After the ups and downs of our new Cap book, the first story arc of Captain America: Sam Wilson draws to a close. Just 6 issues in and we can see Nick Spencer has a writing style all his own which gives us a fresh new take on the adventures of the Shielded One. It’s quirky, and humorous, and, as we’re about to realize in this issue, has nothing at all to do with the main character.
The last two months of the book I complained about Spencer using Sam Wilson, our shiny new Captain America, as more of a prop than an actual hero. He spent more time as a target of ridicule, a werewolf, and then a paralyzed werewolf than he did anything else. But, see, I’m optimistic. I knew that Sam would pull an ace out of his sleeve before this arc was over- after all, it’s his book, right? Well, let’s take a look.
We pick up where we left off last month- Sam is an immobile werewolf tied to a chair and thrown out a window. At the last second his new buddy, Joaquin, swoops in to save him from being the world’s furriest street pizza, but the momentum sends them both tumbling to the ground just as the Serpent Squad closes in for the kill.
As we should be used to by now, Viper, leader of the Society, starts up with his high-horse speeches before ordering his team to attack the new Falcon and the statuesque Cap-wolf. Cap tells Joaquin to run, and run he does as the entire Serpent Society chases him through the bustling streets of NYC.
Then we get a few panels of in-your-face social and political commentary. Because so far the themes were too subtle (?), and Spencer wants to make sure you get it. We jump back to Joaquin who is fighting for his life against an army of snakes when Sam gambles on an unusual, though kinda neat, strategy- he is going to use the psychic connection he has with Joaquin (thanks in part to Redwing) to help the scrappy little guy fight off his attackers.
Quickly the fight turns in favor of Joaquin, who looks an awful lot like Machine Man with wings, thanks to art by Joe Bennett. Then some more social and political commentary. Because it’s funny. I guess. Anyway, Joaquin seems to be gaining the upper hand until, as Sam points out via narration, the Serpents’ sheer numbers are able to overpower the little guy. He goes down hard and Cottonmouth is quick to step in and chomp off poor ol’ Falcon’s face. Ouch. Then more commentary. Not even good commentary. Just heavy-handed “it’s not just about super heroes, kids!” stuff.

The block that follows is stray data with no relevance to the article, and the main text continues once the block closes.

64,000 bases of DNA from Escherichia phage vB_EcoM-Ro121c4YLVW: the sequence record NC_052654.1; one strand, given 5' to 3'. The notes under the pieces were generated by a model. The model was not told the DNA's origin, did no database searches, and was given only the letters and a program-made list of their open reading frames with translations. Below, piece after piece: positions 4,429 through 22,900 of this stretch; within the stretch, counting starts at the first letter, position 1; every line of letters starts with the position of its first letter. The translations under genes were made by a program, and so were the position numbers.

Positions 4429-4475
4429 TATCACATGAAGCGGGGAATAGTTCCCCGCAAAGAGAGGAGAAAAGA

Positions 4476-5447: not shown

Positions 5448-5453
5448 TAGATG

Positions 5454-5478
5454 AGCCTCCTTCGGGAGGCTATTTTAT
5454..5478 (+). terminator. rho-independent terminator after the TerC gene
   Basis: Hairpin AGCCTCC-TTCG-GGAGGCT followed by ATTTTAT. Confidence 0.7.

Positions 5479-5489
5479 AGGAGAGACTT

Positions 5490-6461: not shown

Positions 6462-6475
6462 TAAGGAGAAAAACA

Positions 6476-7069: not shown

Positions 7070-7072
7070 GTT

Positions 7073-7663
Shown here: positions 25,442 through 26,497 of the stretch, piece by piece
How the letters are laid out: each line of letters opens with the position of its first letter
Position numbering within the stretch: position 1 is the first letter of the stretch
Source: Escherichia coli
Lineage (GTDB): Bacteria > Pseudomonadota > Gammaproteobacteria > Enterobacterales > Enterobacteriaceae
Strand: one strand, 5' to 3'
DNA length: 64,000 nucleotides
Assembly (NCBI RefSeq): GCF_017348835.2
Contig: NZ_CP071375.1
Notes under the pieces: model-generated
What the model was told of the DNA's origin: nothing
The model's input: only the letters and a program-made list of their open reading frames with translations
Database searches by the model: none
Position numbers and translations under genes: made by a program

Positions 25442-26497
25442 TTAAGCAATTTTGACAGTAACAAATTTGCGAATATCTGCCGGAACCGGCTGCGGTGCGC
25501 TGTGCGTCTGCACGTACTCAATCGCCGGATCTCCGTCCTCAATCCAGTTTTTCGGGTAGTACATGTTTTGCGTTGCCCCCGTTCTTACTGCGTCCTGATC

Sam has all but given up, what with being a paralyzed pound puppy, as the Society moves in to finish him off when suddenly Joaquin comes to the rescue! His genetic manipulation a few issues ago also provided him with regenerative powers, meaning that the writers can phone it in any time this character is in danger! God, I’m so sick of regeneration powers. Such a lazy writing device.
Anyway, Mr. I-Will-Never-Die starts to fend off the slithering enemies when Diamondback, who had been sort of hitting the sidelines this entire issue, decides she’s had enough and swaps sides, helping Joaquin fight off his attackers. Why she couldn’t have decided this earlier and saved Joaquin from Cottonmouth I have no idea. Would have saved me a facepalm over healing factors, but whatever.
Suddenly the lovely Misty Knight makes her entrance with a sexy “get away from her, you bitch!” kind of pose. Now things are getting good! Oh, wait. She just stands there? She doesn’t fight? Oh. Well…uh…at least she looks good?